Posted in Career Planning, College Majors, Common Sense College Planning, High School, HS4CC, Tuition

Educational Value

“Pursuing high-quality postsecondary education is one of the most important investments a student can make, and is the surest path to the middle class in our country.” The U.S. Department of Education says so, therefore, it must be true. We think it’s true. Well, it’s probably true, right? What’s the alternative? NOT going to college? Too risky. But what if that statement makes assumptions about students that aren’t true?

The value of higher education, specifically a college degree, is such a hot topic that it’s almost too big to tackle – it’s the definition of a “multi-faceted problem.” Even if a person were able to pull together 100% of all evidence available and present it in a neat package- it’s all completely based on history. The best of the best can only retell us what has happened after it happened. We can track stats and data for college graduates. We can track stats and data for high school dropouts. But, no one has a crystal ball, therefore, I’m especially frustrated by the “value of higher education” propaganda because it’s based entirely on data from two decades ago and the economics of the Industrial revolution.

The Easy Sell

Our brains tend to simplify any problem. We like things cut and dry- so it’s easy enough for society to group high school teens into one of two categories:

(1) College-bound

(2) You-might-be-making-a-huge-mistake-what-is-your-plan-if-not-college?

There is such a universal group-think around this topic, that we are ignoring the data.

There is a false sense of calm when we choose (1) College-bound because we assume a college- bound pathway is the ticket to success! Furthermore, we assume that covering the cost of college is both an investment and a sacrifice we should be willing to make.

When we’re told that college is getting too expensive, that students are borrowing too much money, that graduates can’t get jobs in their major, or that only half those who enter college end up with a degree…. it’s just noise. It’s noise we can’t find our way through because option (2) is too scary. A good portion of parents I talk to would rather deal with the consequences later than face the uncertainty that comes from not sending their kids to college. The fear surrounding this decision is so great, that attending college (at any cost) is an easy sell.

Easy as Pie

There are only 3 ingredients in a pie crust. Flour, fat, and ice water. But the method of making pie crust has so many variables that there is an art and a science behind making a perfect flaky crust. Even if you had access to the perfect recipe, if you’re only making 7 pies per year you’re not experienced enough to make decisions about unexpected situations like high humidity in July or a change of altitude baking in Denver. Add in the question of flour brand, shortening vs butter, and a new oven….. ok, I’m wearing out the analogy, but I think you see where I’m going. The question of college value really has 3 ingredients:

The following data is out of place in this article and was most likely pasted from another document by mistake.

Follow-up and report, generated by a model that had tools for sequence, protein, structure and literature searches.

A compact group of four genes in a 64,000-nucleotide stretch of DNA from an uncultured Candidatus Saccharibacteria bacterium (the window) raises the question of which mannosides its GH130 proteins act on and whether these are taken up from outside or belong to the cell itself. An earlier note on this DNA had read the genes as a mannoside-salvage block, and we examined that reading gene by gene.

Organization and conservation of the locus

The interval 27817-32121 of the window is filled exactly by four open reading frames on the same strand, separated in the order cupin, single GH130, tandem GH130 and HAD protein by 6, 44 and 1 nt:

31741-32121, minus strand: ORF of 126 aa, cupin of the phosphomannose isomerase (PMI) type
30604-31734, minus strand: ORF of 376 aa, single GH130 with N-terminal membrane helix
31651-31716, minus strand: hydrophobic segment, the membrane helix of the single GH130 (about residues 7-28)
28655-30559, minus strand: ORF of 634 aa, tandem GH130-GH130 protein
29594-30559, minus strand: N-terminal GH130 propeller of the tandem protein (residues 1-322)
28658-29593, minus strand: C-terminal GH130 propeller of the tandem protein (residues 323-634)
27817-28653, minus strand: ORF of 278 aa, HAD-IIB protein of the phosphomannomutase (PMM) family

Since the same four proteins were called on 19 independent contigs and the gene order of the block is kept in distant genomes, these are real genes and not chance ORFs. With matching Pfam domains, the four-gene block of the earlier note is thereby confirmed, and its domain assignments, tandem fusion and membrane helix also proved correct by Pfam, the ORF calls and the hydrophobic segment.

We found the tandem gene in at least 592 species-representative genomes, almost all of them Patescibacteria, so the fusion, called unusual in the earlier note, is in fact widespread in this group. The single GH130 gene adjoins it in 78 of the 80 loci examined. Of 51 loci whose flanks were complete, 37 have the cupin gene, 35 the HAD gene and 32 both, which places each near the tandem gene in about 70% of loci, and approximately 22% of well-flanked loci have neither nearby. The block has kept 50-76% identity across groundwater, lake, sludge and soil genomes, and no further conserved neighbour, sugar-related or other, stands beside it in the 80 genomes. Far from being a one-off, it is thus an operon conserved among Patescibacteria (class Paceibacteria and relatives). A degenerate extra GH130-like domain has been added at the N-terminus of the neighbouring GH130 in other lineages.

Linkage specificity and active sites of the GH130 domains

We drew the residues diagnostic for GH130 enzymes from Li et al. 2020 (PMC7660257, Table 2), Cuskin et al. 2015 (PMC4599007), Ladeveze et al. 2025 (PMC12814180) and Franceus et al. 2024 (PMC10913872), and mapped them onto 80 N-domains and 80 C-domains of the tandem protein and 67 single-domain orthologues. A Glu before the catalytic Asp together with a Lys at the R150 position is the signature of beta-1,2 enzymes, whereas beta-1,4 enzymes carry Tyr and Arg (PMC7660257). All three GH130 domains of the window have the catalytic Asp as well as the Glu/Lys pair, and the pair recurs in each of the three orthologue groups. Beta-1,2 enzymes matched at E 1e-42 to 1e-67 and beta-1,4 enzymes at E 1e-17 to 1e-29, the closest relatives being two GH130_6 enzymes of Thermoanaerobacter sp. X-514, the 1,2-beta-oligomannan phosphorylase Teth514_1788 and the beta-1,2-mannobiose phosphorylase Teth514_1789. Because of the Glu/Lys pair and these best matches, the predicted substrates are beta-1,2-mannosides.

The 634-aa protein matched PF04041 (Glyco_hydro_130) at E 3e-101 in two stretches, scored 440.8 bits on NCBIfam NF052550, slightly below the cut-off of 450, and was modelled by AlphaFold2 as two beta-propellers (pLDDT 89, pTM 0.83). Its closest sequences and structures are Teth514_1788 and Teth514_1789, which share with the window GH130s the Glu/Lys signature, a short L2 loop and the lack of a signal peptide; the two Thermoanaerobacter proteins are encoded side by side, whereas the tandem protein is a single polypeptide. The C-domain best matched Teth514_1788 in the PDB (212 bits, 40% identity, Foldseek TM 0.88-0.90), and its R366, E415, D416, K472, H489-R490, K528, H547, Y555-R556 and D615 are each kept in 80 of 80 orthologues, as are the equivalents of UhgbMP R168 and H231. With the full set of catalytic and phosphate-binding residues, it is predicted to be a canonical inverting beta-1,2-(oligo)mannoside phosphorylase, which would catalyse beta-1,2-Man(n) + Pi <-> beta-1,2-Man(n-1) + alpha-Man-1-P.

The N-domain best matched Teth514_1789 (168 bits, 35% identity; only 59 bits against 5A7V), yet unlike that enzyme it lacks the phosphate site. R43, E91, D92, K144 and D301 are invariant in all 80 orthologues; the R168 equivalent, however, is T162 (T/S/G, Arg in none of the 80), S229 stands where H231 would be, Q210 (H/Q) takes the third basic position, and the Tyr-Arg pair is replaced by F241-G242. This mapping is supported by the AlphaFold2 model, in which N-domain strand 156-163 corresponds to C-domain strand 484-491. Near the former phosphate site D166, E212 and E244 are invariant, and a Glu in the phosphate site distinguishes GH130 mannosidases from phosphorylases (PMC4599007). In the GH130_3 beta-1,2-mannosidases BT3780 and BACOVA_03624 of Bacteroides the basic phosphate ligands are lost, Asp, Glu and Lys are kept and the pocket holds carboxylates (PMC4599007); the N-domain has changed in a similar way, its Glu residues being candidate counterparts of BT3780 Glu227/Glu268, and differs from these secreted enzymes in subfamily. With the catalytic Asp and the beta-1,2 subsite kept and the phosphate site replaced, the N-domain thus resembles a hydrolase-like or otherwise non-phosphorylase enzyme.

• Price Paid for the Credential
  • Degree / Major Obtained
  • Aptitude & Ability of the Student

The mistakes happen when you only have one or two of the ingredients worked out. Often the flaw is in the price paid (overpaying) when matched for the degree/major and ability, but you can also go off-track in a few other significant ways.

Price Paid for the Credential

First things first, if your teen doesn’t graduate, they won’t have the credential and this entire section is moot. Getting into college isn’t nearly as hard as getting out – so as you calculate the price for your teen’s degree, be sure to calculate EVERYTHING. The whole price! Housing, meals, books, fees, transportation, and technology are just some of the costs in addition to tuition. I think it’s a huge mistake when parents calculate “per year tuition” and should instead calculate the price for the WHOLE credential. The following example is for a private 4-year university of average price.

  • Average completion time of a 2-year degree is 3 years, so if your teen is earning a 2-year credential, your cost range should represent 2 years (low end) to 3 years (high end).
  • Average completion time of a 4-year degree is 6 years, so if your teen is earning a 4-year credential, your cost range should represent 4 years (low end) to 6 years+ (high end).

University – sample

If your student plans on attending full-time on campus, a parent should calculate the following:

$44,850 x 4 = $179,400 (low estimate)

$44,850 x 6 = $269,100 (average to high estimate)

Should you send your teen to this university? Should you pay $269k for a degree? That’s not the right question. The question of cost must be balanced against the other two ingredients: Degree/Major Obtained, and Ability & Aptitude of the Student.


Degree /Major Obtained

Here’s the cold truth: the cost of your degree doesn’t correlate with what you’ll earn after college. Whether you paid $5,000 or $100,000 or $500,000 for your degree, you’re still going to start your career as a new graduate earning a very predictable wage. You can look it up here. With small exception, an industry doesn’t care where you went to college – they only care what you can do on the job!

There are both good and bad examples of alumni from every college in the country, so don’t buy the myth that graduating from ABC University will make your teen a more-valued or well paid employee than the rest of the staff. The truth is that a brand name might help your teen land a job, but that advantage is lost once they start working – from there, their ability to hit performance standards and adapt to future industry changes will be the most important ingredients in their career success.